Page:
New Delhi, April 03: AT 27, Fatima Bhutto isn’t busy typing out status updates on Facebook, which she insists she loathes. Instead, she has spent the last six years writing a “ love letter” to her father in which she has resurrected him, 14 years after his assassination, and held her aunt and uncle responsible for his tragic end.
In the Capital for the launch of her third book, Songs of Blood and Sword ( Penguin), Fatima made it clear that she has no love lost for her aunt, Pakistan’s slain former Prime Minister Benazir Bhutto, and her husband Asif Ali Zardari, the country’s President.
On a day when a constitutional reforms package striking at Zardari’s powers was tabled in Pakistan’s National Assembly, Fatima said, “ We don’t need a President like Zardari. We need someone who is clean and honest, committed to public service, whose qualifications for ruling 180 million people is more than the fact that his wife was once the Prime Minister.” Fatima’s father, Mir Murtaza Bhutto, brother of Benazir Bhutto, who was then Prime Minister of Pakistan, was killed by the police in a burst of gunfire just outside his Karachi home on September 20, 1996. Mir Murtaza, who was then a member of Pakistan’s National Assembly, died along with six others.
“ The moral responsibility for my father’s death lies with my aunt’s government.
She presided over the security forces which killed 3,000 men in Karachi in extrajudicial ways in a year and a half,” said Fatima, who has studied at Columbia University, New York, and the School of Oriental and African Studies ( SOAS), London, and was once rumoured to be George Clooney’s love interest. “ It was Benazir’s government that foiled the FIR on my father’s assassination, arrested and tortured witnesses, and gave them no access to lawyers,” she said.
The book, Fatima said, is the start of a search for justice. “ You can’t kill seven persons and stop us from talking about it and erasing it from public memory,” said the articulate young woman from an illustrious family that has lost one member in each of the last four decades to a violent death.
As she met this correspondent in a hotel room, a stone’s throw away from Khan Market, which reminded her of Zamzama Market in her beloved Karachi, Fatima seemed unaware of the ripples her statement against her relatives was making on Indian television. Reiterating that it was the police that pulled the trigger on her father, she asked, “ Who ordered them?”
The irony of it all is that Zardari took oath as Pakistan’s President on the 12th anniversary of Mir Murtaza’s death. And then he honoured Shoaib Suddle, one of the senior- most police officers present at Murtaza’s death scene, with the Hilal- e- Imtiaz, a national medal.
W HAT WERE her best memories of her wadi , as she once used to call Benazir? “ There are good and bad memories.
She had two very distinct personalities,” said the niece. On being prodded to say more, Fatima said, “ She had a larger than life persona. Before she entered the PM’s office, she was an ordinary woman, brave and strong. Once in power, she was frightening. As PM, she presided over a lot of violence.” And in the end, it was Benazir’s callous approach to investigations into her brother’s assassination that hindered the probe into her own assassination, Fatima said. “ When I complained about the scene of the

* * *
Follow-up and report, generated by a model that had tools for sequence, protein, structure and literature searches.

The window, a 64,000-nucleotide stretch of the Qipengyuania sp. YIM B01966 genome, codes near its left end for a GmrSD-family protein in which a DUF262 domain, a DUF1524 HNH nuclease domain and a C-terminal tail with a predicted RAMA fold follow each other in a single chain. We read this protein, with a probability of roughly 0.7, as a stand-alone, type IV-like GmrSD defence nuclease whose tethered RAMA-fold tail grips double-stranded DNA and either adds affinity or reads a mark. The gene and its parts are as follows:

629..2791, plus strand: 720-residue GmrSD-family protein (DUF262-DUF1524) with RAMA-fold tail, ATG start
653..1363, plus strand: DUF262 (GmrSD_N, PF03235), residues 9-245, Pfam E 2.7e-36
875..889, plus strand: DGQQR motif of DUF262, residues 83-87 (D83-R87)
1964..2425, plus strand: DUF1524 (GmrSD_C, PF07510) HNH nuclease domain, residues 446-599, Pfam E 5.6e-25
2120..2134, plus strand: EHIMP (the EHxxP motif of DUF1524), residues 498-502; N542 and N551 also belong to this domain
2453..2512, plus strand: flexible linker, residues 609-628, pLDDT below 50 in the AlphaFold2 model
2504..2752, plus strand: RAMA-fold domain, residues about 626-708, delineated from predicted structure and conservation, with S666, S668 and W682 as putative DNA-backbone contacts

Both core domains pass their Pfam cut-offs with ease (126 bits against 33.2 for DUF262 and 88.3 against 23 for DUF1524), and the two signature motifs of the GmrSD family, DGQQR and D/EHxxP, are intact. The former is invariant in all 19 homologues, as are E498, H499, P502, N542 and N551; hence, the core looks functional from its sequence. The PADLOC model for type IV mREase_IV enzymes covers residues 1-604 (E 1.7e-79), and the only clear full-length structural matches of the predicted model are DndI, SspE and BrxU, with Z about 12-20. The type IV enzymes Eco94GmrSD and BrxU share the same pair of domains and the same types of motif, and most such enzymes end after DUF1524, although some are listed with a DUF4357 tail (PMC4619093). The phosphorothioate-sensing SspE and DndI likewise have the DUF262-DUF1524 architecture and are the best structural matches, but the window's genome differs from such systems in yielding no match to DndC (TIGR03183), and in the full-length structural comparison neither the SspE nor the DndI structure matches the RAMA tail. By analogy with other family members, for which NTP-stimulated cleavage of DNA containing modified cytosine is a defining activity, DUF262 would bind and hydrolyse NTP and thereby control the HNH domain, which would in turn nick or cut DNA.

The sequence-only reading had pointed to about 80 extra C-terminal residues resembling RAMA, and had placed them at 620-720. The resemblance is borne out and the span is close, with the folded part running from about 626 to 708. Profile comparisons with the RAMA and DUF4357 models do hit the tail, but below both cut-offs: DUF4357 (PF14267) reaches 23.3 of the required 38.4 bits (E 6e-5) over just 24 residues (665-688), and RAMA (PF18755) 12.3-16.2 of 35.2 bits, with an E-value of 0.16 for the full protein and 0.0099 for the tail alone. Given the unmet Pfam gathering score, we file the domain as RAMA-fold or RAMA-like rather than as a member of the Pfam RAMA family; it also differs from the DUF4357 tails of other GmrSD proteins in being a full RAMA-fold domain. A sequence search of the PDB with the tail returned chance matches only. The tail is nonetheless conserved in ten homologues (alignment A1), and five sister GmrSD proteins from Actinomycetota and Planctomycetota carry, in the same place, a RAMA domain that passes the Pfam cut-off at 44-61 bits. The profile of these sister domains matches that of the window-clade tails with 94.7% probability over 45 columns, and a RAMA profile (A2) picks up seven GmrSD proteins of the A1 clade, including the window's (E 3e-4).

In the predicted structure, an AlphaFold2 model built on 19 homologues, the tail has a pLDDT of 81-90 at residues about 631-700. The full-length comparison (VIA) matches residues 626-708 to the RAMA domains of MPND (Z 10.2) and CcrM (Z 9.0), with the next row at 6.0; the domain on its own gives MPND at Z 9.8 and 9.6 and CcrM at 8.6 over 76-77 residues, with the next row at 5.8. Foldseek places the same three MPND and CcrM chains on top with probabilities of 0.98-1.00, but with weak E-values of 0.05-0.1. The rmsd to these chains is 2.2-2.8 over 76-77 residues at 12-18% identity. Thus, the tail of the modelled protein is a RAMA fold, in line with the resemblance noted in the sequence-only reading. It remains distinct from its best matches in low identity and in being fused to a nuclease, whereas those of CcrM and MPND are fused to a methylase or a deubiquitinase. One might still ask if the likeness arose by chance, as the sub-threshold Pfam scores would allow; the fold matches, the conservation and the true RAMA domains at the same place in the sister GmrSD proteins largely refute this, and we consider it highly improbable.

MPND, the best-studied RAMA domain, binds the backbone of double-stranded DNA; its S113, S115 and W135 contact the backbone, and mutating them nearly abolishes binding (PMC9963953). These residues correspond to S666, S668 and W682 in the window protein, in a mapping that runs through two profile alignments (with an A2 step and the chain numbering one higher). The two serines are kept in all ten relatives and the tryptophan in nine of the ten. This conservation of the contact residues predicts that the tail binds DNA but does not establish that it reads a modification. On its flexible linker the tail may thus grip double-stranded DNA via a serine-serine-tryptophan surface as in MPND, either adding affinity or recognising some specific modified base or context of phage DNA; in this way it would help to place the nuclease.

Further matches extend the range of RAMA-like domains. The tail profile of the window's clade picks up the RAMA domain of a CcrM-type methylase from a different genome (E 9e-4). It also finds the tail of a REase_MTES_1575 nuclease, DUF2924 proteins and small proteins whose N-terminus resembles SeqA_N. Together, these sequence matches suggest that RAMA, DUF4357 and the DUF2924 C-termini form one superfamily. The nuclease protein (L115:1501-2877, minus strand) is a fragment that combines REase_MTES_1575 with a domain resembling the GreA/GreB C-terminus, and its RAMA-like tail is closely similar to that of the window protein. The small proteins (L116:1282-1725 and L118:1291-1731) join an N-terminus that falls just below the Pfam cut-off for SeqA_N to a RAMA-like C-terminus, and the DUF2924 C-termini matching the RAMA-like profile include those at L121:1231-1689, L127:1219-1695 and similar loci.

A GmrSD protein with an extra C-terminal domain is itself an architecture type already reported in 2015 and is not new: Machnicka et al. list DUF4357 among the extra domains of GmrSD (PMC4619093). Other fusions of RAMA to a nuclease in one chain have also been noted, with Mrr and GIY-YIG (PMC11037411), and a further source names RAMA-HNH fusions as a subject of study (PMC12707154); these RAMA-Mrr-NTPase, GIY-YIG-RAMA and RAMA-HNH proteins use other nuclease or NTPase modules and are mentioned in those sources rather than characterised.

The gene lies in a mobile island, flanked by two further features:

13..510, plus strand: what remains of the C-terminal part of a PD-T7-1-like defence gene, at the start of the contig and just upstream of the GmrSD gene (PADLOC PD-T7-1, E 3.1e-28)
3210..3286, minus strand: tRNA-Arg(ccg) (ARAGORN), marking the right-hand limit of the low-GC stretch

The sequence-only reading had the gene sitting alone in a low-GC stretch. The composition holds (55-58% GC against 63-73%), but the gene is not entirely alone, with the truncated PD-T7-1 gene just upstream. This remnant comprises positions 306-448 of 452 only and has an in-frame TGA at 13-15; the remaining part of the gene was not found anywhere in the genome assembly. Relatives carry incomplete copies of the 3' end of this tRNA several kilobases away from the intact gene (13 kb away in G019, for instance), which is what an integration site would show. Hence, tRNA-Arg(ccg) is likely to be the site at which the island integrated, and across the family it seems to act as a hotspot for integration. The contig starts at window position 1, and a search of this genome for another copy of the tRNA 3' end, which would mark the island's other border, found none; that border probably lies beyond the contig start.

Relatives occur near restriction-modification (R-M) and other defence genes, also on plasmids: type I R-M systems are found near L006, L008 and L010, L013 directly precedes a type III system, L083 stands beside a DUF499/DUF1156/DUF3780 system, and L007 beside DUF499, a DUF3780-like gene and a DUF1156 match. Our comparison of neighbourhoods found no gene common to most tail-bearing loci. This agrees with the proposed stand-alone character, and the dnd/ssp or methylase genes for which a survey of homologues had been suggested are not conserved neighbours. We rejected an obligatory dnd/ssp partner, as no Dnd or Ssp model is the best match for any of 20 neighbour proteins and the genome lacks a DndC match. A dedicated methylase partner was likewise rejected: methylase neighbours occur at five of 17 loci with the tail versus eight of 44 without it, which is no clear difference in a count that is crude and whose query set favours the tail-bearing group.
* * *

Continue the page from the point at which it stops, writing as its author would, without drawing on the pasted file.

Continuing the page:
crime against my father being washed, she said this is not the movies. Eleven years later, her scene of crime was washed up. If she had put up a genuine fight, she could have set an important precedent and helped us get justice in her case,” she added.
Her father, Fatima and many others in Pakistan believe, came as a breath of fresh air in the country’s turbulent politics. “ He had a clean record and wasn’t beleaguered by corruption charges,” Fatima said. “ He was open, funny, didn’t do political speak and was outspoken. People responded to him when he spoke of corruption and human rights abuses.” She added grimly, “ We know from history that those who challenge power become a threat.” But isn’t Fatima exposing herself to threats by taking on the most powerful man in her country? The option of staying silent, Fatima said, was worse. “ Speaking the truth and the pursuit of justice is much stronger than fear,” she said, though she admitted that her mobility in Pakistan was “ restricted by virtue of who is President”. But that didn’t stop her from releasing her book in Karachi next to the spot where her father was gunned down. “ Seven hundred people turned up, despite the security threat,” she said.
A FORMER columnist for Jang and a contributor to The Daily Beast , Fatima said she was “ slightly obsessed by Twitter”. But no, she wasn’t going to leverage the microblogging site or her books to launch herself into a political career. “ I am a writer. My heroes have always been authors and journalists,” she said.
For this young Bhutto, wielding the pen is the way to drive the changes her father wanted to bring about — when his life was cut tragically short. This is just one of the things she wants to change about her country: “ India has launched a moon mission and we can’t even light up the streets. We are a nuclear- armed state that cannot run refrigerators.” President is set to lose